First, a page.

Danger closes in from Covid mutations
05 April 2021
| Common Dreams | Edited
In early March, just before Papua New Guinea experienced a shocking spike in Covid-19 cases, PNG Attitude reported that Australia had joined other Western countries in rejecting a proposal to lift vaccine-related patent protections, which would have made it possible to produce more vaccine.
Now US president Joe Biden is considering whether to throw US support behind the proposal and so allow for a massive acceleration of vaccine production and distribution around the world. As the following article reveals, it could be disastrous for the world if this does not happen soon - KJ
PORTLAND, USA - Epidemiologists from dozens of countries issued a loud warning last week.
It was that failure to ensure global administration of Covid-19 vaccines within the next year could allow vaccine-resistant variants to spread among unprotected populations to such an extent that current shots are rendered ineffective.
According to a People’s Vaccine Alliance survey of 77 leading epidemiologists from 28 countries, two-thirds said they believe the international community has “a year or less” before Covid-19 mutations proliferate widely enough to make a majority of first-generation vaccines ineffective.
Nearly one-third of the expert respondents said a more accurate timeframe for that alarming scenario is nine months or less.
“With millions of people around the world infected with this virus, new mutations arise every day,” said Gregg Gonsalves, associate professor of epidemiology at Yale University.
“Sometimes they find a niche that makes them more fit than their predecessors.
“These lucky variants could transmit more efficiently and potentially evade immune responses to previous strains.”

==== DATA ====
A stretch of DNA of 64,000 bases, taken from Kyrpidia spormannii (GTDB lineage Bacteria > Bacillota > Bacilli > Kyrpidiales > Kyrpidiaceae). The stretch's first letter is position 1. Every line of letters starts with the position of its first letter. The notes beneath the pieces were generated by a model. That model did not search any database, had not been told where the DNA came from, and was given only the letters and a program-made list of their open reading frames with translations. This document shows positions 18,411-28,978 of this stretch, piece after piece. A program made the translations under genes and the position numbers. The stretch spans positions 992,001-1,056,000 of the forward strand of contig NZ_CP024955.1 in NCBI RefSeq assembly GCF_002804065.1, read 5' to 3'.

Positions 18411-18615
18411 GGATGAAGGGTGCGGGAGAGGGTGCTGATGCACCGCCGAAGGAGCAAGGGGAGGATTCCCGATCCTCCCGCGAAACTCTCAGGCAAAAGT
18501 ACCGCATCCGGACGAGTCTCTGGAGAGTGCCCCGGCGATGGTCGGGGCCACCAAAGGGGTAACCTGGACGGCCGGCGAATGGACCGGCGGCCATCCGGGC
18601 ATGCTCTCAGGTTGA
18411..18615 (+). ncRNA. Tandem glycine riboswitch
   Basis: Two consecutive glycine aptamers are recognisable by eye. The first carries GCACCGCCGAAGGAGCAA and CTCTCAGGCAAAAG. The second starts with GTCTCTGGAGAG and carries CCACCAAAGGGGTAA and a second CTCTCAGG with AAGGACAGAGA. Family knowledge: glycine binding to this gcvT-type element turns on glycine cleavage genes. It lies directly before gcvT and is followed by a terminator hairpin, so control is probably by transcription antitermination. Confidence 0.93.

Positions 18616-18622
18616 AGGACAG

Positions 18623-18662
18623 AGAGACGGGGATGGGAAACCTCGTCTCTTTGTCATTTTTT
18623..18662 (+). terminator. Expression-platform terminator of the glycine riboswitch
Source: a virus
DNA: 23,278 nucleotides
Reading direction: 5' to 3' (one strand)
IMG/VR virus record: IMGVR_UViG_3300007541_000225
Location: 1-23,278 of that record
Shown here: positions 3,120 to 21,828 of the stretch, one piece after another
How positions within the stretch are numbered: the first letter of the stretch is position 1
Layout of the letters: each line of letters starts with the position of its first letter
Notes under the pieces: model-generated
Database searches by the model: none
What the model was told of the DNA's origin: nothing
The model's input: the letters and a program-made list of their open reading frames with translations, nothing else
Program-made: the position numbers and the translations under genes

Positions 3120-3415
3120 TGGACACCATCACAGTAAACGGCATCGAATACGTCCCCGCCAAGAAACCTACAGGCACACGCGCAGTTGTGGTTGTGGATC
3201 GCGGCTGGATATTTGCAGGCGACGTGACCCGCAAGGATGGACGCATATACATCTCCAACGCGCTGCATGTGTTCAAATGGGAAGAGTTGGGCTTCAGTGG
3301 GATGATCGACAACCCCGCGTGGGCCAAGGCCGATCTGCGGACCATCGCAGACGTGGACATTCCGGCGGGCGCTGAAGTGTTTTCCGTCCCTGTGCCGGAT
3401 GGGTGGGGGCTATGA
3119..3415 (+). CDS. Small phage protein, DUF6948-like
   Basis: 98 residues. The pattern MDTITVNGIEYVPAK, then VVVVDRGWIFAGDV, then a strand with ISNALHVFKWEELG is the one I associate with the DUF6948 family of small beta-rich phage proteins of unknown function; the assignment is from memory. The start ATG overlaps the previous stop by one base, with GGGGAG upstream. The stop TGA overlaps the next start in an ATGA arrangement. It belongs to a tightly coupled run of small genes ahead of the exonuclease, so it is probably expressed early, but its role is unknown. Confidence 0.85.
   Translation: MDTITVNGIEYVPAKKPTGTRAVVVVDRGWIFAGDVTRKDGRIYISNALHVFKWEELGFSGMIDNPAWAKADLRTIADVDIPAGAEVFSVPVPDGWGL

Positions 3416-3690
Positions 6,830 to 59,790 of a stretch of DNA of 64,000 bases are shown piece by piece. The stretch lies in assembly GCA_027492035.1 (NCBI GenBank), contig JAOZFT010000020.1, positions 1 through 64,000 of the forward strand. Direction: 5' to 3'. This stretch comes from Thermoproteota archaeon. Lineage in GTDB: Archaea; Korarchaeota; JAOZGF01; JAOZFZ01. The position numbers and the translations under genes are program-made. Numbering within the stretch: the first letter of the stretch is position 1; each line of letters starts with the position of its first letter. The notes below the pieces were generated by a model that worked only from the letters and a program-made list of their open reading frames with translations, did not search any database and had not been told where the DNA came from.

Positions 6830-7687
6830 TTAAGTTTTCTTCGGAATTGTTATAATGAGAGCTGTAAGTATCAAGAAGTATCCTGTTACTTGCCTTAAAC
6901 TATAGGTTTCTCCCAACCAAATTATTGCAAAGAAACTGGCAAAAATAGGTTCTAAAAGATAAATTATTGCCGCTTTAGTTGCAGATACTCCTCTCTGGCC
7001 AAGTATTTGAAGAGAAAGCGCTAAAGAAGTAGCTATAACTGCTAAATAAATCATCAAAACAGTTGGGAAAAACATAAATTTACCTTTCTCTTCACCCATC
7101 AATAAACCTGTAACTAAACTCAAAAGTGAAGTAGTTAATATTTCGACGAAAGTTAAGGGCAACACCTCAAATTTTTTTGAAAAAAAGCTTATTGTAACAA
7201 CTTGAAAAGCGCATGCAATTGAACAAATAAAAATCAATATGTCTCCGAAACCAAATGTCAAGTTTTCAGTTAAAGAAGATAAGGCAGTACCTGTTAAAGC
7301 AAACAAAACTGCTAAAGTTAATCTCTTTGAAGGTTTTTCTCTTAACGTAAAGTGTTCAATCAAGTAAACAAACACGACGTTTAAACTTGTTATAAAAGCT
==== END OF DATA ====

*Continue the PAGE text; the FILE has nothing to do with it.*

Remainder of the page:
“Unless we vaccinate the world,” Gonsalves warned, “we leave the playing field open to more and more mutations, which could churn out variants that could evade our current vaccines and require booster shots to deal with them.”
Quarraisha Abdool Karim, professor in clinical epidemiology at Columbia University, echoed Gonsalves’ assessment, saying that the potential for Covid-19 variants to undercut vaccination progress serves as yet another example of “our interdependence” in the fight against a virus that has no regard for borders.
“High coverage rates and herd immunity in one country or region of the world while others, particularly low- and middle-income countries, continue to wait in line will create the perfect environment for the virus to continue to mutate and negate the benefits of any vaccine protection,” said Karim.
“In contrast, there are enormous benefits for everyone to have more equitable access to available doses of vaccines.”
The People’s Vaccine Alliance, a coalition of more than 50 international organisations, said if the current inoculation rate persists it is likely only 10% of people in the majority of poor countries will be vaccinated in the next year.
“In many rich nations, vaccinated people are starting to feel safer,” said Anna Marriott, health policy manager at Oxfam.
“But unless we vaccinate all nations, there is a huge risk that the protection offered by vaccines will be shattered by fresh mutations.
“We need a people’s vaccine, not only to protect people in the world’s poorest countries but to ensure that people all over the world who’ve already been vaccinated aren’t put at risk again.”
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